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Jordan and Dominick's Beef a Cautionary Tale Regarding the Illinois Right of Publicity Act

By Jonathan M. Boulahanis / Jul 03, 2013

The Dirksen Federal Courthouse is no stranger to celebrities, politicians, and athletes walking through the doors. However, it still makes heads turn when his Airness himself, Michael Jordan, is summoned to a Judge's chambers. Unlike the former Illinois governors, though, Jordan was brought in to discuss his requested damages against Dominick's Finer Foods for their advertisement congratulating him on his Hall of Fame Career. Jordan has already been granted summary judgment and won the liability of phase of his case when Judge Shadur agreed that Dominick's violated the Illinois Right of Publicity Act. 

Jordan brought suit against Dominick's Finer Foods, No. 10 CV 00407, alleging violations of the Illinois Right of Publicity Act, Trademark infringement, and various violations of the Lanham Act. Jordan strategically moved for summary judgment on the violation of the Illinois Right of Publicity Act. Once that was granted, the remaining allegations were voluntarily dismissed, and all that is left to argue is how much Jordan was damaged. 
 
The Right of Publicity Act, effective January 1, 1999, completely replaced the common-law tort of appropriation of likeness, although it did not affect the other three common-law privacy torts." Maremont v. Susan Fredman Design Group, Ltd., 772 F. Supp. 2d 967, 972, 2011 U.S. Dist. LEXIS 26441, 99 U.S.P.Q.2D (BNA) 1384, 31 I.E.R. Cas. (BNA) 1845, 39 Media L. Rep. 1992 (N.D. Ill. 2011). The Act protects against unauthorized "commercial" uses of a person's identity. "Commercial" use is defined as "the public use or holding out of an individual's identity (i) on or in connection with the offering for sale or sale of a product, merchandise, goods, or services; (ii) for purposes of advertising or promoting products, merchandise, goods or services, or (iii) for the purpose of fundraising." 765 ILCS 1075/5. "Identity" is defined by the statutes "any attribute of an individual that serves to identify that individual to an ordinary, reasonable viewer or listener, including but not limited to (i) name, (ii) signature, (iii) photograph, (iv) image, (v) likeness, or (vi) voice." 765 ILCS 1075/30. The statute is held to be a broad and expansive approach to protecting use of a person's identity without their permission. Muzikowski v. Paramount Pictures Corp, 2003 WL 22872117, at *6 (N.D. Ill., Dec. 3, 2003).

In Jordan's case, the claim under the Act was a slam dunk (bad pun intended). Dominick's used his name, trademark number 23, and Air Jordan emblem in order to promote the sale of their Rancher's Reserve Steaks. Dominick's even included a coupon, and admitted that they did not receive Jordan's permission. It was a clear violation of the Act.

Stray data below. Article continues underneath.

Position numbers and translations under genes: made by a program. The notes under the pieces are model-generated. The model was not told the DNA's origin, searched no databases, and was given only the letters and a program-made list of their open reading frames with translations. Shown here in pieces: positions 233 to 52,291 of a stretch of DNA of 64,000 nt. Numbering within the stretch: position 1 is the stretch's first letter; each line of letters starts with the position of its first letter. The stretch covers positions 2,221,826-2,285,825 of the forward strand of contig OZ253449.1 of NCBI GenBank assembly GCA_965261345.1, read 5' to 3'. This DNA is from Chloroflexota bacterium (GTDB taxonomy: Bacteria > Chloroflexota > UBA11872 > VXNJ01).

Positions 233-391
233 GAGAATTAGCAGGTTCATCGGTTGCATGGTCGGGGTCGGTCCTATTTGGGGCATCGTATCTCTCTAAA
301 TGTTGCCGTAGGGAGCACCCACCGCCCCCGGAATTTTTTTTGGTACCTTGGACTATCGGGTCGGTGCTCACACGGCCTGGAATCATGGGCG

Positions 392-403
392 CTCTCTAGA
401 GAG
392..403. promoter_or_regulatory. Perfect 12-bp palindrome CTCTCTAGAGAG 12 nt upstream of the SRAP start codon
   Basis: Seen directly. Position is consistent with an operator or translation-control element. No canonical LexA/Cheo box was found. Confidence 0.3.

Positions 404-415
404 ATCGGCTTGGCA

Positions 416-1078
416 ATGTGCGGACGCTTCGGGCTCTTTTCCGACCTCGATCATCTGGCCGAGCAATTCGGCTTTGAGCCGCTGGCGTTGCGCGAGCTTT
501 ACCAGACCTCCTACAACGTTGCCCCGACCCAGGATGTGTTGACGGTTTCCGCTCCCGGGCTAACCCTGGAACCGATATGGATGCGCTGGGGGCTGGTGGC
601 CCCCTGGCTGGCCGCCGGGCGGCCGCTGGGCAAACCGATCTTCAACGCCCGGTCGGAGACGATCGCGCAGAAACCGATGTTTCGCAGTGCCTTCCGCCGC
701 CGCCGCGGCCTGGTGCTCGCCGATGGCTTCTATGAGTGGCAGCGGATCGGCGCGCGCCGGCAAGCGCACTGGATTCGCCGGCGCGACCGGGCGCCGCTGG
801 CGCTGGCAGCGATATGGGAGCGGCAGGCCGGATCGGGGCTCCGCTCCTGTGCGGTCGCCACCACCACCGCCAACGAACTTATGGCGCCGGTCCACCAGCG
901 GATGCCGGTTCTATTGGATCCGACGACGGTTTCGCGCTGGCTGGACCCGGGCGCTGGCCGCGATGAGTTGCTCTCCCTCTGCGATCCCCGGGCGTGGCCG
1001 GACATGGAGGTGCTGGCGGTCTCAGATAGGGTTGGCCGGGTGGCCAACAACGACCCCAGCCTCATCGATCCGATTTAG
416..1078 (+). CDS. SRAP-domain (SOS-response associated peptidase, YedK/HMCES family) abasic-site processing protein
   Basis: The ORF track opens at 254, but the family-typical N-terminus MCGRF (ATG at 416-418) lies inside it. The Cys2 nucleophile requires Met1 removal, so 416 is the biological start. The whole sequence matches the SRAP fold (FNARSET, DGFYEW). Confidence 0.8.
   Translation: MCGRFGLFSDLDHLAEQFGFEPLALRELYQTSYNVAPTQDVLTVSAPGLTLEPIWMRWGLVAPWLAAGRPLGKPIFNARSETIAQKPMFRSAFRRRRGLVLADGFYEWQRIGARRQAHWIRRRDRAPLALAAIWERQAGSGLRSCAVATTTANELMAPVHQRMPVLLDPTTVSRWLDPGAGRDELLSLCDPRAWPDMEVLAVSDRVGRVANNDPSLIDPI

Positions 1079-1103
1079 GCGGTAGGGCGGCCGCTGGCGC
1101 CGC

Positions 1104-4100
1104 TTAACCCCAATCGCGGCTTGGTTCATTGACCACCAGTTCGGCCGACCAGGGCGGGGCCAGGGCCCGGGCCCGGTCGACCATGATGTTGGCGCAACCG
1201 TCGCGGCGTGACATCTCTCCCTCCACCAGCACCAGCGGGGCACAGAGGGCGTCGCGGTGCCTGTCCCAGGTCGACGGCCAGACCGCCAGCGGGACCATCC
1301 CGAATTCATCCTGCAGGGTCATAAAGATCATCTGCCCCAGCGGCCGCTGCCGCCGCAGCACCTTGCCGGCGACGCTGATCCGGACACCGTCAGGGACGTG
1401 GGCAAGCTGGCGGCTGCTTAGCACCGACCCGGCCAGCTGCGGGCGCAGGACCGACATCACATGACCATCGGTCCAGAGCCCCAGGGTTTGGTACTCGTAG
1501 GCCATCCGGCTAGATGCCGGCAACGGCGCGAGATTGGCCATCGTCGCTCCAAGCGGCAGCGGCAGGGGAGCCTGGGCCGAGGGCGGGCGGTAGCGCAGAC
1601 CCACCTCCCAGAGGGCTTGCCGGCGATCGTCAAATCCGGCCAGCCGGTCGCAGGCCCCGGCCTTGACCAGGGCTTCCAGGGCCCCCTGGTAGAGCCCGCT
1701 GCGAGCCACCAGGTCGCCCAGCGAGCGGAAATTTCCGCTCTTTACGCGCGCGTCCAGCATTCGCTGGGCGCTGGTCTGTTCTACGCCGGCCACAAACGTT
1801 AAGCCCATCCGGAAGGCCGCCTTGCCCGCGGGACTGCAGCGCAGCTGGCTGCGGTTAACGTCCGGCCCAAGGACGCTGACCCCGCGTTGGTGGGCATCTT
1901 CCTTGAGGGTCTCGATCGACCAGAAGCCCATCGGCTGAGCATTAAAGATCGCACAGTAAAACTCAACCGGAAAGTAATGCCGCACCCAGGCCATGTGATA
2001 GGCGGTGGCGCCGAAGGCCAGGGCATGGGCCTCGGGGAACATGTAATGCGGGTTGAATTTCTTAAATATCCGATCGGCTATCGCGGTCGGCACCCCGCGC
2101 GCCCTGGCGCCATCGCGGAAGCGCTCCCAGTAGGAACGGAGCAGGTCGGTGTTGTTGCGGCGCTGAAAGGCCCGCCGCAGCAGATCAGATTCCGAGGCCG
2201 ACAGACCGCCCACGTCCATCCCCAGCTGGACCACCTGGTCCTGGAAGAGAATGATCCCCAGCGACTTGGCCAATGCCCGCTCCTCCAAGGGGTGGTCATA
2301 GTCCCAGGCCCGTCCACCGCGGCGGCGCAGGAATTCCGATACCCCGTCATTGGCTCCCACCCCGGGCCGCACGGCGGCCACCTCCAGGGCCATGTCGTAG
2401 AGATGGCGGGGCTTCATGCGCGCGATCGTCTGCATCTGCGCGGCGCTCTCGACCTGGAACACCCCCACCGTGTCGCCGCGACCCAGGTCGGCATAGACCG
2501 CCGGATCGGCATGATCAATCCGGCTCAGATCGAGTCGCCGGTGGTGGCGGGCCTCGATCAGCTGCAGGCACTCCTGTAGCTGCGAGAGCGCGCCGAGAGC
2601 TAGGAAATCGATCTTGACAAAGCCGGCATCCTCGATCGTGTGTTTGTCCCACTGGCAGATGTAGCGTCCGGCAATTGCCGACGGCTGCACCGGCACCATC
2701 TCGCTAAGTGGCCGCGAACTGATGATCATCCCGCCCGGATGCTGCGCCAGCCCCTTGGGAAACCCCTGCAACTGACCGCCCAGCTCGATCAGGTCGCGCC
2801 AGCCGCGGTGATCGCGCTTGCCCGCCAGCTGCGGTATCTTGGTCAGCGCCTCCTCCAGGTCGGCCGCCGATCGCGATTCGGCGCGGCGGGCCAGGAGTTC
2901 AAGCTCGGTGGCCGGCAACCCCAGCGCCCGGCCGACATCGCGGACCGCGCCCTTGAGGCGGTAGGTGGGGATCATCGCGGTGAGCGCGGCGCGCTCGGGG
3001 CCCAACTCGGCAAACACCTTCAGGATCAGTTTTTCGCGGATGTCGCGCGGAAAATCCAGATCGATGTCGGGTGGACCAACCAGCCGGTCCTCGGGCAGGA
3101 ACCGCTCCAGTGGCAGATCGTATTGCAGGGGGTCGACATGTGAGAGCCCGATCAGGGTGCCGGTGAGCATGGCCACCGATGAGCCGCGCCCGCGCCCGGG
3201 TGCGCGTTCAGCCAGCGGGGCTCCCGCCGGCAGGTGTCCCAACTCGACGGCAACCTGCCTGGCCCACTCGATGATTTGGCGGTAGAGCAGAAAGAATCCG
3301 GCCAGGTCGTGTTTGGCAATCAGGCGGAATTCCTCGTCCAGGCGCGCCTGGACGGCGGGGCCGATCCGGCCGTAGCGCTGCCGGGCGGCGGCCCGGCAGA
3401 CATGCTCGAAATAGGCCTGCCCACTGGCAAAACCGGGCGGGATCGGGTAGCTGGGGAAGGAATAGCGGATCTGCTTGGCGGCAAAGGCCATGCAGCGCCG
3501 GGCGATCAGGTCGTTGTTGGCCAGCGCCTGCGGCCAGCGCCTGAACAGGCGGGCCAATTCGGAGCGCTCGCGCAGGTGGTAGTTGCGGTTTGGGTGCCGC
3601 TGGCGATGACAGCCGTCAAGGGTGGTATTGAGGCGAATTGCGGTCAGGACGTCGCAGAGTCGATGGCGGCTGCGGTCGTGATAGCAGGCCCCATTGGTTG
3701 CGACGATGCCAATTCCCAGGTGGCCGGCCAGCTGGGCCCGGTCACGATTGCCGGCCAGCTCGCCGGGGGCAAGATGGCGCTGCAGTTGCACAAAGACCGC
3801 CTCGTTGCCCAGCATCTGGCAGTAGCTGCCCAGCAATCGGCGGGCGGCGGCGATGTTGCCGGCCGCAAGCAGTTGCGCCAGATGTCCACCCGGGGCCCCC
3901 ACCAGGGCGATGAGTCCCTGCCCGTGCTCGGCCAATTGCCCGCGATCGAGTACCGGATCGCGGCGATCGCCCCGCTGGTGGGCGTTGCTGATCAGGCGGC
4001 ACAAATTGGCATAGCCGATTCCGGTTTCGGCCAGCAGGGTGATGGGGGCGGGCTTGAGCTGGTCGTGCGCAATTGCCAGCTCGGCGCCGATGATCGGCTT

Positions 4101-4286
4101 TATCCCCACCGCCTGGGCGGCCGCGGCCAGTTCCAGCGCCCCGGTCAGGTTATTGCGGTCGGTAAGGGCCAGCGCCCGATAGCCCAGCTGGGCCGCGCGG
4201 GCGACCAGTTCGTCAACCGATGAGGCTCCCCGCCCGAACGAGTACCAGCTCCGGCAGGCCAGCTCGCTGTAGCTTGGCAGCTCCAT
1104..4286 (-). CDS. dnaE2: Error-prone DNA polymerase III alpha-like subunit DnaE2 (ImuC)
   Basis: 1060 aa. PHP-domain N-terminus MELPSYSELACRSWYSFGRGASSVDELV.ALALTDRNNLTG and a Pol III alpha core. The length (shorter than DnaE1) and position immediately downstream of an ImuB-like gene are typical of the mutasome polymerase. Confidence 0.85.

As for Jordan's damages, he demanded five million dollars from Dominick's Finer Foods. I, along with the public and Judge Shadur, wonder how Jordan came up with that number. My initial thought was that he has lost the concept of money, or he's had too much of that Miami sun. However, the statute also defines what are recoverable damages. Section 40 of the Act provides that Jordan can recover actual damages, profits derived from the misuse and punitive damages. 765 ILCS 1075/40. It will be interesting to see how many steaks Dominick's actually sold based on the ad, and what Jordan can show his actual damages are.

Jordan brought a similar suit against Jewel-Osco, No. 10 CV 00304. However, Judge Gary Feinerman rejected Jordan's claims. In that case, Judge Feinerman ruled that the advertisement was noncommercial speech and, thus, entitled to First Amendment protections. The advertisements can be seen below, and the most glaring differences were that Jewel-Osco was not promoting a product, and did not attach a coupon.

Even if Jewel and Dominick's intent was only to honor Jordan, this is another example that no good deed goes unpunished. Companies, big or small, planning to use a celebrity's identity in Illinois should think long and hard before running an advertisement. The Illinois protection goes even further than the federal protections, as an identity has been held to afford even broader protection than a trademark. It is imperative to either (1) receive permission, which usually will include paying some kind of royalties; or (2) examine the advertisement long and hard to make sure its noncommercial speech, knowing full well that some courts hold that any company advertisement can be held to be commercial speech. The risk may very well outweigh the reward.

If you have any questions, you may contact Jonathan M. Boulahanis at jboulahanis@clarkhill.com or 312.985.5930.